Intermittent Fasting for Women

Within my gym its common for a number of the male grapplers to use intermittent scalefasting as way to lose weight for competition etc and some of the guys I know are big advocates of it. However, like most things as a female grappler it’s not always as straightforward as just doing it the same as the guys! I did try it a couple of times and really didn’t have much success with it and found it pretty difficult so I got researching. Whilst there is research on fasting there isn’t that much available on gender differences (unless you’re a rodent) so this blog will try to pull some of this together with my own experiences so you can be aware of some of the things to watch for.

I’m so hungry!!!
Hungry Dog GifWe can feel way more hungry when fasting (and it’s not a good thing!) – If not done correctly women can get a hormone imbalance in particular our body produces more or the hunger hormones leptin and ghrelin (1). Simply put it creates an insatiable hunger as our body thinks it need to eat to protect ourselves an any potential baby (even if you’re not pregnant). These will continue to get louder and increase the chance of fully breaking your diet and having a full on binge!

Trouble Sleeping
Bugs Bunny Cant Sleep GifA woman’s body is much more sensitive to signs of starvation. It is possible that fasting may trigger your body into thinking that it has a problem (particularly if in calorie deficit and under eating). It will want you to stay awake so that you can find food and eat which can cause sleep problems. I can’t say it’s definitely caused me to lose sleep but I also really love my sleep so I have to question if it’s worth the risk!

Insulin sensitivity and glucose tolerance
This was a particular interest to me as I have PCSO which includes as a symptom insulin resistance which can affect my weight loss. Now a variety of sites state that one of the benefits of intermittent fasting is improve insulin resistance. But the research often quoted (2) to support that really shows gender difference in fact –

  1. women in studies covered by the review did not experience increased insulin sensitivity with intermittent fasting regimes
  2.  intermittent fasting women actually experienced a decrease in glucose tolerance.

So whilst male metabolisms showed improvement females who were fasting actually had a decline in their metabolism. Which isn’t great for weight loss or general health.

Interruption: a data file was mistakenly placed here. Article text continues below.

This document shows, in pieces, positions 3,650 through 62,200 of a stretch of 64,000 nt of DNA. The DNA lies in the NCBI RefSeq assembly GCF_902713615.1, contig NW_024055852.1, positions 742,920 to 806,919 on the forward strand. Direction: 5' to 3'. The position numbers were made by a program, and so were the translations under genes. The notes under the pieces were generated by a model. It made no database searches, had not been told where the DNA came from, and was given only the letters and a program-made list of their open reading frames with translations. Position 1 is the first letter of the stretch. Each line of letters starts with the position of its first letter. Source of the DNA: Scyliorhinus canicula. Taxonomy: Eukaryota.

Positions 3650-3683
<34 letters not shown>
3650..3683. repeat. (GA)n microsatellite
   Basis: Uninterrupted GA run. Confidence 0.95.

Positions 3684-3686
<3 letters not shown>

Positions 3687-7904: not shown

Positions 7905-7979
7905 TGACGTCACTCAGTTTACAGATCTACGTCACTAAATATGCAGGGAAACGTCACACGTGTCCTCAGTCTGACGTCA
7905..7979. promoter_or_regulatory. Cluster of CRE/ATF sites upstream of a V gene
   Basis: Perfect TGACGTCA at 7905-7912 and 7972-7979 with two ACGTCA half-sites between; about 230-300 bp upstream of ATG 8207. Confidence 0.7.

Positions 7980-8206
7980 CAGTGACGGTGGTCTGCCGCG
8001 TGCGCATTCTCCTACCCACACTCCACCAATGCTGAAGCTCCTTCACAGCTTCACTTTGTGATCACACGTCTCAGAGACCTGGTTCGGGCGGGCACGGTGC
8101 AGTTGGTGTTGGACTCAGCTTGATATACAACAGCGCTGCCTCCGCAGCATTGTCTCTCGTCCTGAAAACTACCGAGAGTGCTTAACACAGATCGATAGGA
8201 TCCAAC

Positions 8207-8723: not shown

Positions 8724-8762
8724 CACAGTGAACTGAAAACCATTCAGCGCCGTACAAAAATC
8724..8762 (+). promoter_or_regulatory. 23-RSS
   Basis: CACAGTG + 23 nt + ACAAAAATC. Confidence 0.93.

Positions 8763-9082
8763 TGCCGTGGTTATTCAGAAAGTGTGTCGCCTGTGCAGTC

Fertility
Gif of a crying cartoon babyIt’s generally understood that fertility and nutrition is linked but in terms of fasting the majority of the research is linked to rodents. It is mixed in terms of findings, on one hand  reduced calorie intake can length fertility periods for female rats (3). Yet on the other hand reduced calories can trigger a stress response and limit a female rats reproductive cycle (4).

On reflection of my own experiences I only fasted on non-training days which I actually really limited when I could do it (only 1-2 times per week). Overall I think the main effect that intermittent fasting had for me was simply reducing my calorie intake which in reality can be done in other ways. Without doing blood tests I can’t say if I experienced any side effects from fasting other than being really hungry and watching the clock until I could eat. I’ll be honest, Mint tea used to take the edge off but on some days I was ready to eat my colleagues.

As I said at the start of my article information is limited on gender difference but personally I think there are other ways for female grapplers to make-weight. Ultimately women have body fat for different reasons to our male grapplers so we may just also have to accept we need to try different approaches to lose it too!

References

  1. Intermittent fasting dietary restriction regimen negatively influences reproduction in young rats
  2. Alternate-day fasting and chronic disease prevention: a review of human and animal trials
  3. Intermittent Fasting and Fertility
  4. Shattering the Myth of Fasting for Women: A Review of Female-Specific Responses to Fasting in the Literature

Photo Credits – Judy van der Velden

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